What Is Crossover Stress & How Can It Harm Your Relationship? We Asked A Psychotherapist

Have you ever felt your other half's workplace stress for an impending deadline or a micromanaging boss as though it were your own? This is called crossover stress, and needless to say, it isn't a pleasant experience. Empathetic couples supporting each other's emotional needs and being invested in the well-being of one another can indicate a healthy relationship, but taking on stress that isn't ours can also create additional problems. 

To learn more about what exactly crossover stress is and how it can harm relationships, we spoke to Dr. Courtney Tracy, licensed psychotherapist and founder of Exist Centers. "Crossover stress is when stress from one part of your life, like your job, starts melting into another part, like your family time. It's when the lines between your different roles get blurred and you can't seem to take the load off no matter where you are," Dr. Tracy exclusively shared with Gliz.

This snowballing of stress from one environment to another might not be apparent at first and can be tricky to identify in its early stages. "This kind of stress sneaks up on you because it makes it tough to find any place or time where you can truly relax and feel at ease," Dr. Tracy explained. "Imagine a backpack full of worries that just keeps getting heavier. No matter where you're at or what you're doing, you can't put it down." Ready to learn more about identifying sneaky crossover stress and keeping it at bay? 

Crossover stress can weaken your bond if left unchecked

If workplace stress — or stress from any other outside source — is left unchecked, you or your partner may begin to see the relationship itself as the source of the turmoil. The spillover might look like increased conflict, communication issues, or one or both partners shutting down more often. "Feeling stressed out all the time can make you more irritable and less patient, which might lead to more arguments and fewer happy moments with those you care about," Dr. Courtney Tracy exclusively shared with Gliz.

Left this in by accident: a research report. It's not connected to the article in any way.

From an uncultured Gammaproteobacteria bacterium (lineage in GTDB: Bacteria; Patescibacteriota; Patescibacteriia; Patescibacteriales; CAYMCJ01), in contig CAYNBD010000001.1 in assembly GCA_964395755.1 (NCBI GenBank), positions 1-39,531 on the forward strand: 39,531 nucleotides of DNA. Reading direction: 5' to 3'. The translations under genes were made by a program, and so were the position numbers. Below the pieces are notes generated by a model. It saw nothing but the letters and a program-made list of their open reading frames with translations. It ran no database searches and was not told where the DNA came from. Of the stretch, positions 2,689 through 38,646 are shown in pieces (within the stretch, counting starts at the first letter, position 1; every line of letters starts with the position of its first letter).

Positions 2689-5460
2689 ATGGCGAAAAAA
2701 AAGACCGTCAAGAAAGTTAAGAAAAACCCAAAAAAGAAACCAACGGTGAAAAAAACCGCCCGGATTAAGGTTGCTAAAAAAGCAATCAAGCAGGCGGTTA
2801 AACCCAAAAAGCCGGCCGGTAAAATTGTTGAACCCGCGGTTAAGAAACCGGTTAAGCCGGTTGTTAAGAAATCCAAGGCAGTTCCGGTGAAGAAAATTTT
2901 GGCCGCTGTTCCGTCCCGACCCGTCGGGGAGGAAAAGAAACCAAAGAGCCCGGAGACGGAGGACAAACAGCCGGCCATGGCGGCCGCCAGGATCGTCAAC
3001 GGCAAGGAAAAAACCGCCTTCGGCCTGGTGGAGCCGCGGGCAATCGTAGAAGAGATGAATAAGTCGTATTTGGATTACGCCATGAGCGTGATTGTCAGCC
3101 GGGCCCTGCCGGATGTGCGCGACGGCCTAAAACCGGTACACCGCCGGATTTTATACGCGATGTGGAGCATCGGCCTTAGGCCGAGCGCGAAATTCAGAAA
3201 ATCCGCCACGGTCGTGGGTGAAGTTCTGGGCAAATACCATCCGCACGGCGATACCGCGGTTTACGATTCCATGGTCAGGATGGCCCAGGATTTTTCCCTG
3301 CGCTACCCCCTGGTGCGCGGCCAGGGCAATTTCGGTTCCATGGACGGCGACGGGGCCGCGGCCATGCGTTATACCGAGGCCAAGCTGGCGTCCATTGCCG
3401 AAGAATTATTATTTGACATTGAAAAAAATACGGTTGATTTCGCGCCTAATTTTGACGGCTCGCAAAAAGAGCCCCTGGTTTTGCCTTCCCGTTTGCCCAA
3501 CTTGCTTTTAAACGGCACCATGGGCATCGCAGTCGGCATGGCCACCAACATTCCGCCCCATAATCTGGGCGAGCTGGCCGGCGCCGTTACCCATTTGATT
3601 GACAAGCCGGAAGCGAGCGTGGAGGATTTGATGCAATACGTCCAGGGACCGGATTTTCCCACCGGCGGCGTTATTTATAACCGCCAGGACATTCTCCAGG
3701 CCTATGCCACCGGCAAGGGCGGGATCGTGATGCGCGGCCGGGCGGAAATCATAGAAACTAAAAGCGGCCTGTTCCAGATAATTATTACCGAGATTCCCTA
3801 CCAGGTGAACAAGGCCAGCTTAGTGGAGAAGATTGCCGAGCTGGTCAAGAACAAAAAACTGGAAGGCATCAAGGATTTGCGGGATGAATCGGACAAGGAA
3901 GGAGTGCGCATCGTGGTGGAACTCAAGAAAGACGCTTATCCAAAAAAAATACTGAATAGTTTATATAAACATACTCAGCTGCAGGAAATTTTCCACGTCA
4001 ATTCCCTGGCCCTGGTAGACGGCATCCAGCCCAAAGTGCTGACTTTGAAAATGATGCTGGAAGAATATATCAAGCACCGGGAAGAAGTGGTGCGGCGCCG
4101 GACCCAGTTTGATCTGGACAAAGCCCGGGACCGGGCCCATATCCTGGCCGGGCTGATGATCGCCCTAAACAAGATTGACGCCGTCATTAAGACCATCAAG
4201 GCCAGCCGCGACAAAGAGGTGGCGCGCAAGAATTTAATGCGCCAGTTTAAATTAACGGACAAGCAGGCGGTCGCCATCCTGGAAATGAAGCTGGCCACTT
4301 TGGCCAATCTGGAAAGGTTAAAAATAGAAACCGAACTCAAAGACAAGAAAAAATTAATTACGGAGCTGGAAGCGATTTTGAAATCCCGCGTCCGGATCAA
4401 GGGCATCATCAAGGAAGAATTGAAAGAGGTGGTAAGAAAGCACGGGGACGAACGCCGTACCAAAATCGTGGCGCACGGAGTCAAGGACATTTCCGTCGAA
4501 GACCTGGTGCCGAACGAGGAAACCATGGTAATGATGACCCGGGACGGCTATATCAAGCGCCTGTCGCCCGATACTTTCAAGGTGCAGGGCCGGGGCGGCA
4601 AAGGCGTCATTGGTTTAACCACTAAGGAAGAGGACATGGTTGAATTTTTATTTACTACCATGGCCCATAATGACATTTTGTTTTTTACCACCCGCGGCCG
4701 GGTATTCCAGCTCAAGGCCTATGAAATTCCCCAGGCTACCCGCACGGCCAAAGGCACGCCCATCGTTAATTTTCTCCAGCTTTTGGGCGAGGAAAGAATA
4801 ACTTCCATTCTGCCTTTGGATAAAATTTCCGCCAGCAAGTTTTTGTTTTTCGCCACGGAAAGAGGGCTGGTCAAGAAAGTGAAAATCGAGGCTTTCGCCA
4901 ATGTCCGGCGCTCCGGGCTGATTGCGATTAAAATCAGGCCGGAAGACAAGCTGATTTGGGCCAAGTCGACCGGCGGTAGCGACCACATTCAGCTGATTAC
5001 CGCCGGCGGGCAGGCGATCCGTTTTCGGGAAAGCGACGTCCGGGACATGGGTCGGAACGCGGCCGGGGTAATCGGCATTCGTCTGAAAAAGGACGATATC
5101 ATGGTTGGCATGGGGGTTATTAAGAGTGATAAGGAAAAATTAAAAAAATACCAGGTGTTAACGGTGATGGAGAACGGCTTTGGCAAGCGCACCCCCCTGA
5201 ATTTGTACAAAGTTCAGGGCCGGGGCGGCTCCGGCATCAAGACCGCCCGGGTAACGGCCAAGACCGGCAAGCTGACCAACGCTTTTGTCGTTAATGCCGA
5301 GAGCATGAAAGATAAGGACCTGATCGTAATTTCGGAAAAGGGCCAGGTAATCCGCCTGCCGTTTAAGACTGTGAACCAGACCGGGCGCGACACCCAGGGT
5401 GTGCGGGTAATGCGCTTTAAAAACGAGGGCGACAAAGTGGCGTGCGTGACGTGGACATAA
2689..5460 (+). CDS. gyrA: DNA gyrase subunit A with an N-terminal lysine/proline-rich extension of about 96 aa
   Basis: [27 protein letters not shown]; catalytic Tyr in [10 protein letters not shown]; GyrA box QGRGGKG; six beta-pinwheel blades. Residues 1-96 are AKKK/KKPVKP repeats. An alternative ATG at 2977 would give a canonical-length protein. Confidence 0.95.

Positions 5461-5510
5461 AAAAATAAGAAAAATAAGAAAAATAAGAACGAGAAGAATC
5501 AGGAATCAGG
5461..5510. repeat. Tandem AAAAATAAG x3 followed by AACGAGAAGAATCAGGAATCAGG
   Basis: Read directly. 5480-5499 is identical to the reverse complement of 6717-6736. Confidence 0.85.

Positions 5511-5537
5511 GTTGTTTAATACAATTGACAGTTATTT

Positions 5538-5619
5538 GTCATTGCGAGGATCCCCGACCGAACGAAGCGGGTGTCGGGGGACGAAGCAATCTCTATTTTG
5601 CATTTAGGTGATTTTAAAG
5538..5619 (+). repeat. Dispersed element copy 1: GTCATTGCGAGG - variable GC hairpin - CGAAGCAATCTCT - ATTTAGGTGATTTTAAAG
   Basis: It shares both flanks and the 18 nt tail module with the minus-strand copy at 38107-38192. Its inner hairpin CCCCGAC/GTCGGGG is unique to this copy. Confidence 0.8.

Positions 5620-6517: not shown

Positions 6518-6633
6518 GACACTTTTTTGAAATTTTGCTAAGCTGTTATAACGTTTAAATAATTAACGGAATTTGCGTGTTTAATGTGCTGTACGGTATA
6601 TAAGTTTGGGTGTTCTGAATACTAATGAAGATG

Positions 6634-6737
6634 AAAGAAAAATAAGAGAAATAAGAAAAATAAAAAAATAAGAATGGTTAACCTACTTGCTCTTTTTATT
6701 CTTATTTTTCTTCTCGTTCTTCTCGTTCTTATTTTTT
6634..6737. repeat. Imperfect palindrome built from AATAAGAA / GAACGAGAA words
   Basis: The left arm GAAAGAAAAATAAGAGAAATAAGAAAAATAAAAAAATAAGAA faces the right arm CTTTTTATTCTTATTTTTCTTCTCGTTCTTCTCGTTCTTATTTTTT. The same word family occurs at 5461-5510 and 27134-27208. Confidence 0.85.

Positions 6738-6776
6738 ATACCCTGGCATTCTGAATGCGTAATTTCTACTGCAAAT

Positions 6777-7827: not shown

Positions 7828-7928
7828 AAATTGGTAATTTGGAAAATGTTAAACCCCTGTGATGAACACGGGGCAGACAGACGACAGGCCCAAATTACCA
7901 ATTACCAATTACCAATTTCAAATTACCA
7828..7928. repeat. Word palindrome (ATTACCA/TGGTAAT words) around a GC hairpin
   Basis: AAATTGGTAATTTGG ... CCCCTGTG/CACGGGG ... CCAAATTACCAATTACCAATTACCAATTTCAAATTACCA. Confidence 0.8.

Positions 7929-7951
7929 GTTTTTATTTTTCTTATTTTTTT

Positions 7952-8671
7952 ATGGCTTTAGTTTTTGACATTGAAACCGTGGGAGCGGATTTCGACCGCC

Essentially, when the stress from work is just too much and you aren't able to be present with your partner or family, it's time to examine the possibility of burnout and whether or not the job is sustainable for you — before the ricochet effect of the stress impacts your relationship too deeply. "You might find yourself pulling away or reacting more harshly, not because you want to push your loved ones away, but because the stress is just too much to handle," Dr. Tracy explained. "Over time, this can weaken the trust and support you've built together, even though it's the last thing you want to happen."

Healthy work-life boundaries are key to avoid crossover stress

There may be times, such as busy seasons or around big project deadlines, when workplace pressure is inevitable and traces of it follow you home. However, joyful activities and hobbies can offset some of this pressure and create a better overall work-life balance, which is healthy for many reasons. "It's key to make clear cut-offs between work and personal time to get a handle on this," Dr. Courtney Tracy exclusively told Gliz. "Doing stuff you love or getting some exercise can help chill you out, and chatting with someone who gets it can also make a big difference." 

Alternatively, if you're the one taking on your partner's stress, you may need to establish emotional boundaries. For example, think of yourself as a pillar for your other half rather than absorbing the anxiety in the relationship and, in turn, creating more. Moreover, there might also be instances where the crossover stress simply indicates that a job doesn't align with you or your partner's personalities or lifestyle and a change is necessary. "Trying to stay in the moment helps clear your head. But if this stress doesn't ease up, it might be a sign you're dealing with more than your fair share and maybe it's time to think about looking for a job that's a bit less overwhelming," Dr. Tracy told Gliz.